Sovreignty and Marriage- Part I

I had an awesomely vivid dream last night. Nothing supernatural about it, pregnancy just does this to me. But the entirety of the dream involved my husband and I beginning to hike the Appalachian Trail up in Maine. Just us getting stinky, hiking through the woods, along a dried river bed that was muddy in some places and turning to hardpack, then having to swim across a lake to reach the other side of the trail. I remember jumping in the lake and tasting the water, not clear and springlike, but slightly muddy, algae-ish, lakewater. And my husband climbed back out and looked at me and asked “Wouldn’t you rather rent a canoe?”. Then I woke up. It was so awesomely normal, and us, it was a great reprieve from the completely whacked out weather we’ve been experiencing in Ohio lately (it’s 40 degrees today, but was -10 on Monday). But I feel like this dream not only came from my need for some idyllic nature time with my life partner, but from some of the ideas that have been bothering me lately.

One of those ideas has been marriage counseling. Especially, spiritually based marriage counseling. Like, why do we not have this available in the Pagan community? Other than the fact that we have such a diverse collection of religions and beliefs, but why do we not have this within the individual groups? We were married by some awesomely out of the box Christians, and spent a few months right before our wedding with them doing some pre-marital counseling. Then spent a couple months this past summer in marriage counseling with them again. Yeah, the first year of marriage is hard, and it definitely was taking its toll on me. And I was taking it out on E. This was good for us, and especially good that we were able to go to a couple that knew us, and our somewhat unique situation, for advice. They obviously drew their advice and inspiration from their Christian beliefs, but never pulled out a Bible (they’re somewhat anti-Bible people) to back it up. They’re believers of “Do-er” faith, not book faith. This is why we connect. But where are the Pagan equivalents? These are normal people, without degrees, who have training in counseling. Something anyone who was dedicated to offering this service could do.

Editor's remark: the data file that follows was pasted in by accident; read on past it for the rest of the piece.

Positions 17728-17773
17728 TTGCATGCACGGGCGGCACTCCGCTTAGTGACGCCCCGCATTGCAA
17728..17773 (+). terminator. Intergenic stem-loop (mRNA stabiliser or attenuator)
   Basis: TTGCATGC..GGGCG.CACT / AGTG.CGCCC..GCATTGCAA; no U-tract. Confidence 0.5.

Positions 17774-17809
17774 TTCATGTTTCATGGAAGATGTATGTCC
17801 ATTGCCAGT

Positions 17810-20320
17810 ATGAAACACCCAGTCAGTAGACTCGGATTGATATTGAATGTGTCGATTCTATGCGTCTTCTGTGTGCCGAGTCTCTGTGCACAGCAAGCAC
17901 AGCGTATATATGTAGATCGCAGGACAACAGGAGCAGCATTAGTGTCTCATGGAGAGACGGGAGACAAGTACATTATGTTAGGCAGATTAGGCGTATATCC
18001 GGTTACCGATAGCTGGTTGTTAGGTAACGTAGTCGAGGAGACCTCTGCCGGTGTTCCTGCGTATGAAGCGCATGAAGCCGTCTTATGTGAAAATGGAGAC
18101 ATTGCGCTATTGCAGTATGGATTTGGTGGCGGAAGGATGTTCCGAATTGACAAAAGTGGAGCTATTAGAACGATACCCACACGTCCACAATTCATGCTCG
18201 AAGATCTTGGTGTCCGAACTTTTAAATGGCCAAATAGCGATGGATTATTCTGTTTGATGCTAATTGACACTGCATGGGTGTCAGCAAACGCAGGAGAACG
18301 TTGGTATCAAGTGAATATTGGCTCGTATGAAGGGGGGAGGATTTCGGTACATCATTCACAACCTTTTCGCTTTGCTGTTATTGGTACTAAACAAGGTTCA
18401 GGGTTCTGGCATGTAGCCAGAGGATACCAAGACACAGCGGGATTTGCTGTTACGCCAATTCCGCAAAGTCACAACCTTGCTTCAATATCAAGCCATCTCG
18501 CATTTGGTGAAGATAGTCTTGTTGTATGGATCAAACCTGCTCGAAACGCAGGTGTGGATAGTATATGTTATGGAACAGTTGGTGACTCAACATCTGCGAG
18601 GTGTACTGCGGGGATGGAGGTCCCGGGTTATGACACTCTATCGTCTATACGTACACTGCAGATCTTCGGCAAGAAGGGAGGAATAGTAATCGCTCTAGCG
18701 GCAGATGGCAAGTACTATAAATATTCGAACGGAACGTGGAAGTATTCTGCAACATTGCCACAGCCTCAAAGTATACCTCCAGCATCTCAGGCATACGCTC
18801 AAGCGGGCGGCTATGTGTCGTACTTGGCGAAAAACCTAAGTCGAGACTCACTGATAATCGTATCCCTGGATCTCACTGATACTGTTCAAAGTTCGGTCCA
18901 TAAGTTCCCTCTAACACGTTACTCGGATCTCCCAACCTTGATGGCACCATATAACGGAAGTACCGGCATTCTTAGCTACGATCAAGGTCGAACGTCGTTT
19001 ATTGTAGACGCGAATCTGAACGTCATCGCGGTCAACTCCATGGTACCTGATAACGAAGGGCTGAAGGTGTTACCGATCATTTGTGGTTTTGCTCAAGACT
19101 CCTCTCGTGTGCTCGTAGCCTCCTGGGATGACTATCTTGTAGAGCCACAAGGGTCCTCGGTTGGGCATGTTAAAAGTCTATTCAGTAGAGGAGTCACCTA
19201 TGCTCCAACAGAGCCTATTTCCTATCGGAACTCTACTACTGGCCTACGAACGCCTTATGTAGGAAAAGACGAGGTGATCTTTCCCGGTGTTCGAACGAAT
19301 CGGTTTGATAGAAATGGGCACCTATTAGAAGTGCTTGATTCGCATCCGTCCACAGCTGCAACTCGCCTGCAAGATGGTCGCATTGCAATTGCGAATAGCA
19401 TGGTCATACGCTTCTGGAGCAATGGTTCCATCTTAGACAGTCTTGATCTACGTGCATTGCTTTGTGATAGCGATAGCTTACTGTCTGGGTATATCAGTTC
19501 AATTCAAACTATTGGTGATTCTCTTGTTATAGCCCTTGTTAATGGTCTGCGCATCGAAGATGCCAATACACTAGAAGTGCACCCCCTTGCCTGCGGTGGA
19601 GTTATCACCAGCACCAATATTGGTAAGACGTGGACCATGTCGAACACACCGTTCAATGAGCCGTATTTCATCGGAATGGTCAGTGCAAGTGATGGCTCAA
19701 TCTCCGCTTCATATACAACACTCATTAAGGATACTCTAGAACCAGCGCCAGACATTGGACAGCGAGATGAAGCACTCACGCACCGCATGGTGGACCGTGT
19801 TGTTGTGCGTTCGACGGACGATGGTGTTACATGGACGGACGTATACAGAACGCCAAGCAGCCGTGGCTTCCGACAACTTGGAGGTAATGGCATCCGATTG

While most of us don’t have a sacred book, we do have our myths. And a recurring theme in Irish mythology is the importance of the marriage of the king with the land. Definitely not advocating a submission of one partner to the other, I don’t believe at its core that’s what this marriage is about. But the importance of partnership and accountability to the health and fruitfulness of the family/community/land/etc. While the land is often referred to as female, and the king as male, there is an interesting attribute to these myths that one doesn’t usually see in effect in certain other religions. If the king fails in his duty to protect and nurture, the land sickens, and the people depose (or kill) the king. Not advocating killing your husband. But I think it shows the seriousness of of accountability in marriage to your partner, and your family. One person isn’t just declared head, and can do whatever they want, with little to no repercussions. Its a duty to always be encouraging and nurturing everyone else toward fruitfulness, before the self. That is the sacred duty of the king. Who, I feel, need not be the male, or more “masculine”, partner.